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Spielberg's War on Terror Begins in Munich

Steven Spielberg's assaulting Munich is based on a book, though not the Old Testament. Nobody ever utters the phrase “an eye for an eye,” but the sentiment is expressed a hundred other ways.

A big-budget, globe-hopping, explosion-packed spy thriller, Munich is packed to the gills with brutal violence and ethical debates. Its effect on the nervous system is instantaneous and continuous, thanks to Spielberg's talent for suspense, misdirection and manipulation.

The film also has serious issues on its mind, more than Spielberg can effectively accommodate even in two hours and forty minutes (plus credits). Hampered by an inability to elegantly mesh action and philosophy, and marred by its director's trademark heavy-handedness, Munich is an important movie but not a great one.

There is something undeniably alluring about a film--adapted from George Jonas's Vengeance--that follows a Mossad team as it secretly goes about assassinating the Palestinians who planned the 1972 massacre of Israeli athletes at the Munich Olympics.

It's not too difficult to support Israel taking the law into its own hands in this case, or at least to view a hit squad as less of an affront to justice than letting the plotters get away with their crime.

Yet the preeminent commercial filmmaker of our time has no interest in the crass pleasures of a revenge flick. Instead, Spielberg uses his bully pulpit--which dwarfs that of any other living artist, need I remind you--to argue that violence only begets more violence. Going after terrorists doesn't dissuade them from their bloody strategies, the film suggests; if anything, it provokes further attacks.

One can dispute that conclusion--in fact, Spielberg would like nothing more than for every screening to provoke dozens of mini-debates--but that's only one of his theses. Munich also makes the point that dead terrorists are always replaced by new enlistees. In other words, it is an illusion to believe that terrorism can be eradicated by force.

In addition, the film also considers at length the effects of the mission on the Mossad squad's leader.

The young, inexperienced Avner (Eric Bana, the pedestrian Australian actor from The Hulk) is not an Israeli James Bond but an ordinary Joe with a pregnant wife. He's an easy character for American audiences to identify with, especially compared to the ice cold, morally certain Mossad assassin in the recent Israeli film, Walk On Water.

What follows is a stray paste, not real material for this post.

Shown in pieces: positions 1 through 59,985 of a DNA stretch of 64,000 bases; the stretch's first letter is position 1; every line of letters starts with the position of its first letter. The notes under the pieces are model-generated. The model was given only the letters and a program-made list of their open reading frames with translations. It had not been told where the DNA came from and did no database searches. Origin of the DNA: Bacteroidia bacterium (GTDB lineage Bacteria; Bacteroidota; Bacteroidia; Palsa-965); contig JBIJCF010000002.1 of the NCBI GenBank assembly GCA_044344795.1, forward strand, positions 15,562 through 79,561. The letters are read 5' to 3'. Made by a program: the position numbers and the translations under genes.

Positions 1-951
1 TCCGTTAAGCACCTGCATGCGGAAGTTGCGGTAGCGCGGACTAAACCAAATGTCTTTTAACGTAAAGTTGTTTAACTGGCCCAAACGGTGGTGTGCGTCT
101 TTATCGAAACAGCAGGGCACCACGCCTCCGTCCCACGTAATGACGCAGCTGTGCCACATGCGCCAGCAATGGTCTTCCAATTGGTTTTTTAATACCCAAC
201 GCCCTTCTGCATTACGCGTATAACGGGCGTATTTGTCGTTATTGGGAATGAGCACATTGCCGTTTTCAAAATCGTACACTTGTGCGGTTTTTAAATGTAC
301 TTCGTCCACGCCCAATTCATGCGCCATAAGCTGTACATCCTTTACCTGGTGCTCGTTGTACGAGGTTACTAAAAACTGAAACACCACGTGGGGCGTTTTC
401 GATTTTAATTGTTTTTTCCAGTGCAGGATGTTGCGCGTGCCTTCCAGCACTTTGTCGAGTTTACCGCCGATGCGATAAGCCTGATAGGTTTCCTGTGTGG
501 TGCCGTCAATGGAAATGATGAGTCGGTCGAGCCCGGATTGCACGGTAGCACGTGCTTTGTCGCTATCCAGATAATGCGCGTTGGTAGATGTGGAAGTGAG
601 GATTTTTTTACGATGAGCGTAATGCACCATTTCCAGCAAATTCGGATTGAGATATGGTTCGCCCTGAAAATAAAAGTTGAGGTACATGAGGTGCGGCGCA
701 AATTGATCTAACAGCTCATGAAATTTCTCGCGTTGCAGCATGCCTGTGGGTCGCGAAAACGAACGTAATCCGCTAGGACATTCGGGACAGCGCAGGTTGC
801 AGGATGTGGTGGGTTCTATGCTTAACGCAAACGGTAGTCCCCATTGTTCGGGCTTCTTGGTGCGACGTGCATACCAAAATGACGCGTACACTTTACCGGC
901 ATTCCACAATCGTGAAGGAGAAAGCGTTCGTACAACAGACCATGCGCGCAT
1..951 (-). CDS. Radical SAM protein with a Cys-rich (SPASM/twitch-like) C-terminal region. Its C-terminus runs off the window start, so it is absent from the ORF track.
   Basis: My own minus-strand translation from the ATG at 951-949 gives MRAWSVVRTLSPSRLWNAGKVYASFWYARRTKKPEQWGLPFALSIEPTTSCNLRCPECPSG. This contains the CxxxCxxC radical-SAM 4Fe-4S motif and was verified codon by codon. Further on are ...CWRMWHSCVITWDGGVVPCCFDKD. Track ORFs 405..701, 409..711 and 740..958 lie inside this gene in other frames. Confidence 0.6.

But the killing has a disturbing effect on Avner--there are no innocents in Munich--and we come to see that even a so-called just war has a price. In a larger sense, since covert murder in European cities is not an act consistent with Jewish values, Spielberg is asking whether Israel can still claim to be a light unto the nations. Or, by sinking to the level of the terrorists it's pursuing, has Israel sacrificed its soul?

Whatever stance you take on any of these meaty issues, rest assured that it is articulated by somebody in the course of the film.

As for the Israeli-Palestinian question, Munich deftly sidesteps coming down on one side and demonizing the other. Each people's needs are given voice, and Spielberg apparently endorses a two-state solution by repeatedly referring in various contexts to the importance of a home.

Further, every Palestinian target is given a scene that depicts him as a family man or artist or sociable fellow, rather than psychopathic villain or Jew-hater. Consequently, we don't get a cathartic thrill from their deaths, but a sense of unease and loss.

That's a risky, admirable aspect of the screenplay by Tony Kushner (“Angels in America”) and Eric Roth, but other bits prompt genuine head scratching. As one example, Avner's operatives are closer to Keystone Kops than The Day of the Jackal. A recruiting video for the Mossad, this is not.

More disturbing is Spielberg's bizarre cross-cutting between a bedroom scene and the culmination of the hostage drama at the Munich airport. For that matter, one can question to what degree the director's reenactment of the horrible Olympic events is necessary or moving.

As only a filmmaker of his international stature can, Spielberg has pushed the Israeli-Palestinian issue to the forefront. It is his declaration of war on terror, but he is calling on all of us to carry the ball.

Michael Fox

Michael Fox is a San Francisco film critic and journalist.

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